spaniels and water spaniels. The differentiation among the spaniels that led to
the breeds that we see today did not begin until the mid 1800s.
time, the land spaniels became a bit more specialized and divisions among the
types were made based upon weight. According to the 1840 Encyclopedia of Rural
Sports, cockers were between 12 and 20 lb. (Kolehouse). At this time it was not
uncommon for cockers and springers to come from the same litter. Even a puppy
from a Toy sized lineage could grow to be a springer (Kolehouse).
There is no indication from these early sources that spaniels were used to
retrieve game. Rather they were use to drive the game toward the guns. (Kolehouse)
During the 1850s and 60s other dogs types of cockers were recorded. There
were Welsh Cockers and Devonshire Cockers. Additionally, small dogs from Sussex
Spaniel litters were called cockers. (Kolehouse) In 1874 the first stud books
were published by the newly formed kennel club.
Any spaniel under 25 lb was
placed in the cocker breeding pool, however the Welsh Cocker was reclassified as
a springer in 1903 due to its larger size and shorter ear (Kolehouse). "...in
those days only those dogs up to a hard days work and sensible specimens were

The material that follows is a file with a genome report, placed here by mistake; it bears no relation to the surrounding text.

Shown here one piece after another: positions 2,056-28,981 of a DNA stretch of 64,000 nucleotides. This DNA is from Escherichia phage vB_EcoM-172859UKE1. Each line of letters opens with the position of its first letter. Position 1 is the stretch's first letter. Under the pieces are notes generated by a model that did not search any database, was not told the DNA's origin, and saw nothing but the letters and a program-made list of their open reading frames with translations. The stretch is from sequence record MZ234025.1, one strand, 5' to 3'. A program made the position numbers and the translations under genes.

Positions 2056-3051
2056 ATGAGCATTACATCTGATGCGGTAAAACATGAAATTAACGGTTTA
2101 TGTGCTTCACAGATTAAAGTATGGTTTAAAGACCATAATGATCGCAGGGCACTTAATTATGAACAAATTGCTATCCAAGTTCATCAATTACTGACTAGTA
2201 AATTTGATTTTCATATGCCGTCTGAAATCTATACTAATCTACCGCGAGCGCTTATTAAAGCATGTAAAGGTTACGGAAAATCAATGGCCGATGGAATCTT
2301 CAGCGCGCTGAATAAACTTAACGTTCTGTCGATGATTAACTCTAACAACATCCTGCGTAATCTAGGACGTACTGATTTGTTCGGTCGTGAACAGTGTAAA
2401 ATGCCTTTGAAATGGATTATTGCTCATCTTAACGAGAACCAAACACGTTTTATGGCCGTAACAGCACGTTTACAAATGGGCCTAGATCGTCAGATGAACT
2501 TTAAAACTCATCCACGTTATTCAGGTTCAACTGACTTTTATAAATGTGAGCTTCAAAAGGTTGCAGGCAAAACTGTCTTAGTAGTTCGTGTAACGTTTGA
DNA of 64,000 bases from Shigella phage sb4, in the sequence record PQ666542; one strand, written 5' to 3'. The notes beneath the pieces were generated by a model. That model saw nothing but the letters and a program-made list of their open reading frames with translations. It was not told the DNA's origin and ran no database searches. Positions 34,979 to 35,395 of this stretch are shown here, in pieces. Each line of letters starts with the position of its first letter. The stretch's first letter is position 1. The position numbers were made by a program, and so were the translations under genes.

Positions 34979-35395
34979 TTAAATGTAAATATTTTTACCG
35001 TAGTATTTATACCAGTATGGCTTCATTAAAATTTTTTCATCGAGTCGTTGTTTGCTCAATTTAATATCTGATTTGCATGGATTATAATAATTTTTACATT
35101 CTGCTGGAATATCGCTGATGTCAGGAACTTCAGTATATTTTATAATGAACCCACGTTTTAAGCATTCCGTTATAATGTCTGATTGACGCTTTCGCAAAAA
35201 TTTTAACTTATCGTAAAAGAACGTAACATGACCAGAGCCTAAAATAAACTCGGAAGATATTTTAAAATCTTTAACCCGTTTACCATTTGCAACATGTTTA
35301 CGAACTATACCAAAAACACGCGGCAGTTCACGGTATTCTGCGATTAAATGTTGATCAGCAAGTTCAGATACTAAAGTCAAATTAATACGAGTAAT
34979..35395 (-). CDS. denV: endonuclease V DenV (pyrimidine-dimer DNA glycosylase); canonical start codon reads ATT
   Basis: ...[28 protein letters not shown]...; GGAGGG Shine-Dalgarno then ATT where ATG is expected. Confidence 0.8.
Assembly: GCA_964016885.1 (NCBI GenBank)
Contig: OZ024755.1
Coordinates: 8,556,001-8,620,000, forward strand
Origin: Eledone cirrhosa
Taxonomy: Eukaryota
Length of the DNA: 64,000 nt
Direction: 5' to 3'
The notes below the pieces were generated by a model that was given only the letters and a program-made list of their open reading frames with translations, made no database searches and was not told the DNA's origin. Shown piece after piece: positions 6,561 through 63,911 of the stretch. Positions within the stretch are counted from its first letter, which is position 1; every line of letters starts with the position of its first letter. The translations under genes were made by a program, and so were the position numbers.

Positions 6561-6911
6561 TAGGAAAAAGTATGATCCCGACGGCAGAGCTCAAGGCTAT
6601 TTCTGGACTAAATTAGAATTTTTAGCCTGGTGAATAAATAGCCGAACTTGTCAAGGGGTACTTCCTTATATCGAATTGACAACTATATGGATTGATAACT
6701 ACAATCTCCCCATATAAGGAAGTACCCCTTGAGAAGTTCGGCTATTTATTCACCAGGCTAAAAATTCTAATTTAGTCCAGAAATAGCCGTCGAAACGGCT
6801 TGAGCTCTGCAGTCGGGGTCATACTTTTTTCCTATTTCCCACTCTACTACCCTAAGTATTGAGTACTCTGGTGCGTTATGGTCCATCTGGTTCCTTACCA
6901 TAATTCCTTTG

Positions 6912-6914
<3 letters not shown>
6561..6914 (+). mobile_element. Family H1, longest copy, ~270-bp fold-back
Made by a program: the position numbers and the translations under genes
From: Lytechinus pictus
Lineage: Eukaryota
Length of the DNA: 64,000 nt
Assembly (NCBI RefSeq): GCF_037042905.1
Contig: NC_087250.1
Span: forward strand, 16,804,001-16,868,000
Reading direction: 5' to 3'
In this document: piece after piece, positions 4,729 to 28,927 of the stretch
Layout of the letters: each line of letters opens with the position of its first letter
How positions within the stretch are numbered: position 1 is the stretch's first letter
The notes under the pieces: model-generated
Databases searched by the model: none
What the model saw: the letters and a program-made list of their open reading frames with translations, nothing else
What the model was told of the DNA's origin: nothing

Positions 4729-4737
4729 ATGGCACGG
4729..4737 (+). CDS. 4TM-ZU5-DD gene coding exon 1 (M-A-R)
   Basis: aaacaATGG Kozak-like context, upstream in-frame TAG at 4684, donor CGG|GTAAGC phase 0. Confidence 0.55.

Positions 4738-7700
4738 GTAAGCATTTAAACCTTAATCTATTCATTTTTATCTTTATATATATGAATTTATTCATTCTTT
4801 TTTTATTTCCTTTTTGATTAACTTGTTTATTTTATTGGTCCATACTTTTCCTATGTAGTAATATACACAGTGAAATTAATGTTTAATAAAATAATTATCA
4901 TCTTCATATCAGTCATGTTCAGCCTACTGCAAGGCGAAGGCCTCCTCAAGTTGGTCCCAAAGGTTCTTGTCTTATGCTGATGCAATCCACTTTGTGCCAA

allowed to live, as absolute sporting purposes were about their only enjoyment
and dog shows were hardly heard of..." (Kolehouse)
The hobby of dog showing began in earnest among spaniels after the Spaniel
Club was formed in 1885. When showing, the new Springer and Cocker,
both were in the same class until The Spaniel Club created breed standards for
each of the types.
The Kennel Club separated the two types eight years later.
Since then, the Springer and Cocker enthusiasts have bred in the separate traits
that they desired. Today, the breed differ in more ways than weight alone.
In America, the American Cocker type was forming. As a result, the English
Cocker lost favour. The two Cocker Spaniels were shown together until 1936, when
the English Cocker received status as a separate breed. The American Kennel Club
granted a separate breed designation for the English Cocker Spaniel in 1946.
Field-Bred English Cocker Spaniel. Note
This breed, like many others with origins as working dogs, has some genetic